Bankruptcy Court To Decide On Voiding Contract Wednesday
More than 800 Delta
pilots and their families rallied in Atlanta Tuesday, uniting in
anger at the prospect their contracts with the airline might be
thrown out in bankruptcy court. The pilots threatening to strike...
and they say that's no bluff.
"This is not about revolution. It's about resolution," said
union executive committee chairman Lee Moak to the crowd, according
to the Associated Press. "We will take this company back. It will
be returned to its rightful owner -- the employees of Delta Air
The issue is to be decided before the courts Wednesday, as a US
Bankruptcy court judge will hear the airline's case for tossing
aside the existing contract in the interest of helping the carrier
emerge from Chapter 11.
Pilots have already given up almost 91-million dollars in
concessions to Delta, trying to keep the airline out of bankruptcy.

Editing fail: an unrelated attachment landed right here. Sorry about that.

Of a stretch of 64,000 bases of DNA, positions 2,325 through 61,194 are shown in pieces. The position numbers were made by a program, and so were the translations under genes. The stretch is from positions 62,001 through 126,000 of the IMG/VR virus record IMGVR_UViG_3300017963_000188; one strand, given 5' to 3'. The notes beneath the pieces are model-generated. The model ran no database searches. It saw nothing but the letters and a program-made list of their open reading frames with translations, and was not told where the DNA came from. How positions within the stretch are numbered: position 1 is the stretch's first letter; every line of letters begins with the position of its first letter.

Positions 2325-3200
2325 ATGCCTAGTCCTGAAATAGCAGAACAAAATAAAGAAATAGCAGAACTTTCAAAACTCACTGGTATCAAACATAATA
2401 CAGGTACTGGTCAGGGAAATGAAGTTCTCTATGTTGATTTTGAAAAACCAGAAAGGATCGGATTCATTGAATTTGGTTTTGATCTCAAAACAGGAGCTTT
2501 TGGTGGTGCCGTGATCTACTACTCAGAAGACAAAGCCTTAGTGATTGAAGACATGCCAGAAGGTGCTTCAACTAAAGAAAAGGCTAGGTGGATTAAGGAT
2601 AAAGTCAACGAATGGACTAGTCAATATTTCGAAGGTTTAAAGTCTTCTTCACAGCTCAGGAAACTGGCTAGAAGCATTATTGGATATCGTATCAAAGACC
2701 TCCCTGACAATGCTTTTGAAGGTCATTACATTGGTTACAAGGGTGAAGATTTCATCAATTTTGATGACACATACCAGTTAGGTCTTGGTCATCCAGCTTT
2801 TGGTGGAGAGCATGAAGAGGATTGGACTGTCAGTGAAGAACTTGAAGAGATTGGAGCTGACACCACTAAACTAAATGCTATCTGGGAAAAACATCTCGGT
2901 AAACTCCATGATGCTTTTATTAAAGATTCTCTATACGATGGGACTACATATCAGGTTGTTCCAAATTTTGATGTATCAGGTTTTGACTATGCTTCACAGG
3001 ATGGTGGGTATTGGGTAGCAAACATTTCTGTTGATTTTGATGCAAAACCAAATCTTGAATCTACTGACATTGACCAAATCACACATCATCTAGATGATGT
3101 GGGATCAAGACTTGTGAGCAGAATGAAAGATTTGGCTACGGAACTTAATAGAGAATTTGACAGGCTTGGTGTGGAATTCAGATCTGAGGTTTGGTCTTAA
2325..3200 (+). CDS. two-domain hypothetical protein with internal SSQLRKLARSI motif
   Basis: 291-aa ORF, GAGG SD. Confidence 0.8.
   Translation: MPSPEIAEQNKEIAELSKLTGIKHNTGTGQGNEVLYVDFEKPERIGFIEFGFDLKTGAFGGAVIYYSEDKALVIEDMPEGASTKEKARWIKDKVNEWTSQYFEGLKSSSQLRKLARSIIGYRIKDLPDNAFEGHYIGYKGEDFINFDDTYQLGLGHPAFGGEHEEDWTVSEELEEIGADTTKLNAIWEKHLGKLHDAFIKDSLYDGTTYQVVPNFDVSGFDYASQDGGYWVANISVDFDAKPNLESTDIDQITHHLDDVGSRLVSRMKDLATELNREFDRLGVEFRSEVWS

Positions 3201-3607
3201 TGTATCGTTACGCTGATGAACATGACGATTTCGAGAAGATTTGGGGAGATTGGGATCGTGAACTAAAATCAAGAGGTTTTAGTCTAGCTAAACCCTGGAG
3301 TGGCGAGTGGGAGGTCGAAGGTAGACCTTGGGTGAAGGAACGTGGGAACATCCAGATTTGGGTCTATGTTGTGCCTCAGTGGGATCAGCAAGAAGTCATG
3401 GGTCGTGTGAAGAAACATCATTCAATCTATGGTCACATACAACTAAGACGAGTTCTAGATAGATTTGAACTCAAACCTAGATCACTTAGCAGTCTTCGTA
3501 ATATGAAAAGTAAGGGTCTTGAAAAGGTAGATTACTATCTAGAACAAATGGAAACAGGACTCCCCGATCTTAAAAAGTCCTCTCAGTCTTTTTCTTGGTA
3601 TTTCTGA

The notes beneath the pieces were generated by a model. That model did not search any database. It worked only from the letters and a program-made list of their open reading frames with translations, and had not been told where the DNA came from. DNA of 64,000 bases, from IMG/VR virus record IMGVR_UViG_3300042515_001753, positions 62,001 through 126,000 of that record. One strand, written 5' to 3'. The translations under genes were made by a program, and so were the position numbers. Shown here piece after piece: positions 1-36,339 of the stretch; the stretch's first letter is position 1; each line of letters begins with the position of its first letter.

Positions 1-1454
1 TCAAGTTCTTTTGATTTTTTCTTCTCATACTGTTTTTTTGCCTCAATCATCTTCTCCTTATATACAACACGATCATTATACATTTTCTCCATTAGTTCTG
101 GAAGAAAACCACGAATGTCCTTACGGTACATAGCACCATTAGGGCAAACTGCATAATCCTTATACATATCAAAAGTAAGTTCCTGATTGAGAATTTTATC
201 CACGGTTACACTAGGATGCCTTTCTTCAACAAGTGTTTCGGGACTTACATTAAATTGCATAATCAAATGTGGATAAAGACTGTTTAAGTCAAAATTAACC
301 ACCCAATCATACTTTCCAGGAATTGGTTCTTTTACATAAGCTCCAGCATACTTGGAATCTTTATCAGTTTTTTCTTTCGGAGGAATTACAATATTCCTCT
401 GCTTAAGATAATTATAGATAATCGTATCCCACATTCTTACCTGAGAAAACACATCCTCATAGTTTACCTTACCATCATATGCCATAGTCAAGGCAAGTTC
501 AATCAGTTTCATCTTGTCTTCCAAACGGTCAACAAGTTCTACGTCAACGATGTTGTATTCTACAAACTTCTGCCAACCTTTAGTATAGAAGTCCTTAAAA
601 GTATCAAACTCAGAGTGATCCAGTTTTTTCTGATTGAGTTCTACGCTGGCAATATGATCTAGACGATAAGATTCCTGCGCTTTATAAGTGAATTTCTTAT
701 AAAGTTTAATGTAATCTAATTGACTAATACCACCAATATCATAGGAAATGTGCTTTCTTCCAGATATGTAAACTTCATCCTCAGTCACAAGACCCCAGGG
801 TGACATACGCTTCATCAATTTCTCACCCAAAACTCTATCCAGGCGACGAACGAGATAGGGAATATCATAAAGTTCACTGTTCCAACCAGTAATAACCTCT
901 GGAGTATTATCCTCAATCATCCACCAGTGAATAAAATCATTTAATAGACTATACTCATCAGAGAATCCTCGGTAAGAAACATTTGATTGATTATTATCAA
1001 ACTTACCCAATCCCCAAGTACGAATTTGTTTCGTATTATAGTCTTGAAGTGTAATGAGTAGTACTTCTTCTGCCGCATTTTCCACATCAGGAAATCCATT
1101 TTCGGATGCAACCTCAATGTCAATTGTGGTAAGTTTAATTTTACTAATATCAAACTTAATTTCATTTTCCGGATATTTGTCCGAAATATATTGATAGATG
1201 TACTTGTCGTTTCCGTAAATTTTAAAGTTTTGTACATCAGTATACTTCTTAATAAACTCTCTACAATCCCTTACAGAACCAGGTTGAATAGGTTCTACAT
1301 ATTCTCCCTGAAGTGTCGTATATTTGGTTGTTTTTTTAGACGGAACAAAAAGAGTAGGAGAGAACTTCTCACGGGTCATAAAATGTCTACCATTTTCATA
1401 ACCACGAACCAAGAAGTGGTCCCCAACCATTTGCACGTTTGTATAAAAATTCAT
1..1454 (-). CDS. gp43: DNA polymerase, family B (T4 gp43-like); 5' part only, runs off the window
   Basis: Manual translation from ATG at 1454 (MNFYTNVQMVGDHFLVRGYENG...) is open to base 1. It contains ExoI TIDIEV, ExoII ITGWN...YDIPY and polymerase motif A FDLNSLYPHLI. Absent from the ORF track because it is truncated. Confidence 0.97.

Those cuts are on top of a $1-billion give-back pilots agreed to in
a five-year contract finalized last year. Unfortunately, that
wasn't enough for the third-largest domestic carrier to fight off
bankruptcy. Delta filed for Chapter 11 September 14.
The airline is now
asking for another $325 million from pilots as part of its
One Delta spokesman said the company still hopes to negotiate a
deal with pilots, but warned restructuring won't be painless.
If pilots do go out on strike, will Delta go the way of
Northwest and train replacements? The Atlanta-based carrier says
that's not likely.
"If you look around the industry at the carriers in similar
situations, typically they've come to the table and reached a
consensual agreement," said Delta spokesman Dan Lewis. "We believe
the same thing will happen here. Cooler heads will prevail."
Delta has recorded losses of more than $11 billion since January
2001, and over that period has announced that it would cut up to
33,000 jobs. The carrier reported a Q3 loss of $1.13 billion last